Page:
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The audacity of corruption

The COVID-19 pandemic has revealed the dark underbelly of many African societies, where nepotism, corruption, and authoritarianism deprive the citizens of their countries from living with dignity and in freedom. Anthony Aduaka writes how corruption in his native Nigeria has escalated to such an extent that billions of dollars disappear without explanation.

Each time Nigerians sing their national anthem, it brings back memories of hope in the struggle for a better Nigeria. It is a hope anchored in the unity of purpose to bring a corruption-free society into being. It is embodied by the line: “The labours of our heroes past, shall never be in vain.” This is the hope that makes every Nigerian endure the hardship and financial difficulties to which the country’s past and present elected officials have subjected her.

I remember the day in 2015 when Muhammadu Buhari became the 15th president of Nigeria. Together with many of my countrymen, I said a silent prayer for my country and wished her new leaders wisdom to manage the country’s affairs. Little did I know that the calls for change were just the usual empty electoral promises of politicians seeking victory at the polls.

During his campaign trail, Buhari had promised Nigerians that his administration would fight corruption down to its roots, but the events of the past few days, months and years, tells a different story.

Corruption has been Nigeria’s greatest problem since her independence. It challenges the very foundation of democracy and her people’s freedom of existence. It makes a caricature of Nigerians’ effort to make an honest and decent living in a country blessed with abundant mineral and natural resources.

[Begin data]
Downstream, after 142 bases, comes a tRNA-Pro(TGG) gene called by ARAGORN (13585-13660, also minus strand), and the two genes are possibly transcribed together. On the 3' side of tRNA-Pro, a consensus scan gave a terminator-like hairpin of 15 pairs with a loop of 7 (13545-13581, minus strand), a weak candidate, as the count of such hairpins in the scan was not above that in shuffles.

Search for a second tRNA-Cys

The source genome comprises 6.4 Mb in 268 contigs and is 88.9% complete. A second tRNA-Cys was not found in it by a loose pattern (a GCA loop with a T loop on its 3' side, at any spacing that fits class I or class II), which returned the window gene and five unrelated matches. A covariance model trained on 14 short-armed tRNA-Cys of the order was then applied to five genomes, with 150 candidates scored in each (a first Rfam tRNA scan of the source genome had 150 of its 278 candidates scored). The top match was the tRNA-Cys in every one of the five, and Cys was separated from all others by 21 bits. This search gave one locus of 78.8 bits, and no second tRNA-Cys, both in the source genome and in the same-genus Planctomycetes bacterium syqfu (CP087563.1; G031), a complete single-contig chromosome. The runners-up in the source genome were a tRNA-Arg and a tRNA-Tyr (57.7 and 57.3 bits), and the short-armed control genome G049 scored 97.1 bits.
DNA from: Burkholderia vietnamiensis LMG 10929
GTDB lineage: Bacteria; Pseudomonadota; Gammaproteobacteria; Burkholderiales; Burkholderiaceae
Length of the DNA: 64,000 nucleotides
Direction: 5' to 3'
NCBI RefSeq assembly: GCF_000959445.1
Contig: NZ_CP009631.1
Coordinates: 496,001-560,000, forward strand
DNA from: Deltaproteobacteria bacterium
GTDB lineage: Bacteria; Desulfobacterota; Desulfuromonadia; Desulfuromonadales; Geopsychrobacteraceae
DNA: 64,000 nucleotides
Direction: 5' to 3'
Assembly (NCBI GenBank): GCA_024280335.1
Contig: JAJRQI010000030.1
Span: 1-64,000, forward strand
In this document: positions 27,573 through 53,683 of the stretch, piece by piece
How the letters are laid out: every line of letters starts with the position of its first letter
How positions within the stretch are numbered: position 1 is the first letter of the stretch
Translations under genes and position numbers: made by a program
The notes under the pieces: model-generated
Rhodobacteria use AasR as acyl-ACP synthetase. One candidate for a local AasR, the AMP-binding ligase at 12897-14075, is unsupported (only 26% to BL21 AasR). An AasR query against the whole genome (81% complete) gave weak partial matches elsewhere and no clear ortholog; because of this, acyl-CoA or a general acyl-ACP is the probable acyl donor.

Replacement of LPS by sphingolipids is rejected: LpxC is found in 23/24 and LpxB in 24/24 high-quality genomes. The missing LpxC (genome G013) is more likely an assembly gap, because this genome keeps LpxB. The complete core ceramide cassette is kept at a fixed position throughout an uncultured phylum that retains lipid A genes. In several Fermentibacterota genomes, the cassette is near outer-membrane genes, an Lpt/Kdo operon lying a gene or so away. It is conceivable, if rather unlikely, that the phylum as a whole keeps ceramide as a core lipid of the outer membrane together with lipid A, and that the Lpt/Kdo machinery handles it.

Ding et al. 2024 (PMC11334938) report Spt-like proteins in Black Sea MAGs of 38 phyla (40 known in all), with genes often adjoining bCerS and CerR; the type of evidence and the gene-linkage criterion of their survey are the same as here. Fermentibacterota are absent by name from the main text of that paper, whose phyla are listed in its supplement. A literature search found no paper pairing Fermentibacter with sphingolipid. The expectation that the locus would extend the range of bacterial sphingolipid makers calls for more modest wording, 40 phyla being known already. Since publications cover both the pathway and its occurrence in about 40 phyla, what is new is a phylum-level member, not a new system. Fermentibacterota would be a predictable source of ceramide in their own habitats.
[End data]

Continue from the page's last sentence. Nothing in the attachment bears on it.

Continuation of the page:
Three tales of corruption

Earlier this year, charges against former Minister of Petroleum Resources Diezani Alison-Madueke resurfaced in the news, social media and international news networks because the Economic and Financial Crimes Commission (EFCC) was trying to repatriate her from the UK to face corruption charges. The EFCC said that $20 billion in oil money went missing under her watch between 2011 and 2015. The EFCC also accused her of mismanaging a $115million slush fund, stealing and concealing properties to the value of $153 million.

$20 billion in oil money went missing under her watch between 2011 and 2015.

Diezani denied the charges but hurriedly left the country and is now a diplomatic citizen of the Dominican Republic according to Al Jazeera. Public opinion in Nigeria is that the corruption allegations are true. Why else would she have skipped the country?

In July, the Guardian newspaper carried the story of a probe by the House of Representatives committee into the misuse of $211.8 million by the Niger Delta Development Commission (NDDC) from February to July. Investigations derailed when NDDC Acting Managing Director, Prof Kemebradikumo Pondei, collapsed during questioning after appearing unable to explain how these monies were spent under his leadership.

His attempted explanations are mind-boggling at best, saying that about $5.5 million were spent on the COVID-19 stimulus package. It is not clear how this stimulus was allocated, prompting calls for his dismissal. Prior to this investigation, the commission was already under public attack over a $14.4million contract awarded to Signora Concepts Services Limited for the supply of specialized personal protective equipment.